Medical breakthrough for cancer patients

Patients could soon be transfused with blood made from their own skin in a breakthrough that could revolutionise cancer treatments and solve the blood donor shortage. Scientists have shown that ordinary skin cells can effectively be converted into adult blood cells in the laboratory.


They believe that a two inch square patch of skin – taken from anywhere on the body – could be enough to make enough blood for a full transfusion.

What is more because the blood is made from the patient’s own cells, there is no danger of the body rejecting it.

The Canadian team say that the process has been so successful that they could try the treatment in patient within two years.

“There is incredible need here,” said Dr Mick Bhatia, who headed the team at McMaster University in Ontario.

“For patients with disease this will be an alternative source of blood that will not be rejected.

“People will effectively become their own donors. We are very excited and very enthusiastic about it.

“There is a lot of work to be done but I would be disappointed if we were not trying it on patients by 2012.”

The research, published in Nature, is part of ongoing attempts across the world to revert adult cells back to their original stem cell form.

Stem cells are “master cells” which can be manipulated in a laboratory to become any other cell in the body.

The McMaster team have managed to misses out the “in-between” stage of turning the cells back to stem cells and then converting to blood cells.

Instead the process – which uses various proteins to re-programme the cells and takes a month – converts skin cells straight to blood.

Leukaemia patients are likely to be the first to receive transfusions of perfectly matched blood generated from their own skin.

In future, laboratory manufactured blood could help to plug the gap caused by donor shortages, the scientists believe.

It could be used in surgery, to treat patients with anaemia and other blood conditions, and to prevent cancer therapy having to be stopped prematurely because of depletion the body’s stock of blood cells.

The technique also holds out the promise of making other kinds of cell, including neurons with the potential to treat brain diseases such as Parkinson’s and Alzheimer’s.

Dr Bhatia, director of the Stem Cell and Cancer Research Institute at McMaster University, said: “We don’t envision many obstacles. Us being able to take skin cells and convert them into healthy blood, specifically adult blood, would provide a great substitute product to hopefully out-compete those leukaemic cells.”

The breakthrough arose from observations made several years ago during early work on so-called induced pluripotent stem cells.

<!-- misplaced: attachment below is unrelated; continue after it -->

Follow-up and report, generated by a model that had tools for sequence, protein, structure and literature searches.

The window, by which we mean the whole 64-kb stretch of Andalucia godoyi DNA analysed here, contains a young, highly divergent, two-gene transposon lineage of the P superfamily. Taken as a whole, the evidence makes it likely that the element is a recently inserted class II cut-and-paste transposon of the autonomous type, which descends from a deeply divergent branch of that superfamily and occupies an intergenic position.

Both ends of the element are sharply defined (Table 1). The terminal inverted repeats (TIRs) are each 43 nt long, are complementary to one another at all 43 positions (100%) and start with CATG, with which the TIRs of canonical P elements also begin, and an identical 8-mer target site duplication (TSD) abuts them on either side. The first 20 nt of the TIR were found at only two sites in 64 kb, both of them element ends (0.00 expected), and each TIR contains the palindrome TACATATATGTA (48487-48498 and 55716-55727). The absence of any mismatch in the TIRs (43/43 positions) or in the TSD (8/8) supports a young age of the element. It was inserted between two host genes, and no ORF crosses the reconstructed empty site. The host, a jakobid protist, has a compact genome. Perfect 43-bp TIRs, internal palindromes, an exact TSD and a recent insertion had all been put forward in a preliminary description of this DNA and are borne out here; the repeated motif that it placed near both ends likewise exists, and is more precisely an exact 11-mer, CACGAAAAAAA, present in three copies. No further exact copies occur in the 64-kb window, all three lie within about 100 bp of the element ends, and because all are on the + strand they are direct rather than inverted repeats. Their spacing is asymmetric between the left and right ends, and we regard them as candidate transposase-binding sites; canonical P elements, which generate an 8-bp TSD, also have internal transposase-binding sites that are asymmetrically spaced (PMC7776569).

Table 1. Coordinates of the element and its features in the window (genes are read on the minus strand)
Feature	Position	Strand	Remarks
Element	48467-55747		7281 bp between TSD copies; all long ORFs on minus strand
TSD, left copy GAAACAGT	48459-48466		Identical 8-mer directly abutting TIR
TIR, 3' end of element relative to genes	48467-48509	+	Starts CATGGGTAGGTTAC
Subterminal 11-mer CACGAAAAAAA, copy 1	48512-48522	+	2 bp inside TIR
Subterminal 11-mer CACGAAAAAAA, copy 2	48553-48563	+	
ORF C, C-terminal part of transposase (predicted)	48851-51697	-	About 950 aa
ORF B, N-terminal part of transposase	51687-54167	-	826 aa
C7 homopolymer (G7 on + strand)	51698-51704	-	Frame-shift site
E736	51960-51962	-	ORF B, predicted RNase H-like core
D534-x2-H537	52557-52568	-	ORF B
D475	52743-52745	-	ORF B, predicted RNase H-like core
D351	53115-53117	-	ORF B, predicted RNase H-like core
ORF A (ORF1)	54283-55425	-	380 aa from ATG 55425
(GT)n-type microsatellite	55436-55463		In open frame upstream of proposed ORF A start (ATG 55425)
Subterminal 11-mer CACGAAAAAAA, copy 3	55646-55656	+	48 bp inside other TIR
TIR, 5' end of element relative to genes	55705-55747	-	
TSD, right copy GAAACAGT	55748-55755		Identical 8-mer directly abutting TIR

These are ordinary cells that have been genetically tweaked to make them revert to an embryonic state.

They then adopt the characteristics and properties of embryonic stem cells – stem cells extracted from early human embryos.

Most importantly, they are “pluripotent”, having the potential ability to grow into many different kinds of cell.

During the process, a small number of skin cells seemed to jump spontaneously to the stage of being immature blood cells.

Building on these studies, Dr Bhatia’s team found a genetic and chemical recipe that made it possible to generate a full range of adult blood cell progenitors from skin cells called fibroblasts.

The “lineages” included different kinds of white blood cell, red cells, and the cells that generate blood clotting platelets.

The technique involves inserting a specific transcription factor – a protein that interacts with DNA to activate genes – and applying other treatment in the form of signalling molecules called cytokines.

Skin cells from both young and old people were used in the research to prove that age of donor made no difference to the process.

A number of the cells were successfully grafted into mice. Dr Bhatia said: “We have shown this works using human skin. We know how it works and believe we can even improve on the process. We’ll now go on to work on developing other types of human cell types from skin, as we already have encouraging evidence.”

He said the new technique was quicker than its predecessors and made “the right types of blood cells”.

Next the scientists plan to assess what kind of production capacity might be possible with the cells, and whether they can successfully be stored in deep freeze.

Professor John Hunt, a leading stem cell scientist from the University of Liverpool, said: “I think it’s fantastic research, but it’s not yet in the clinic and we don’t know if these red blood cells are going to carry oxygen. The quantum leap for us all is going to be to get these kind of bench experiments into the patient.

“It might be two years or 10 years, but it’s right to be optimistic because we’re expecting breakthroughs. However it’s still too early to say ‘this is it’.

“This opens a lot of doors, and if we could produce red blood cells we’d be solving a big clinical need.”

Via Telegraph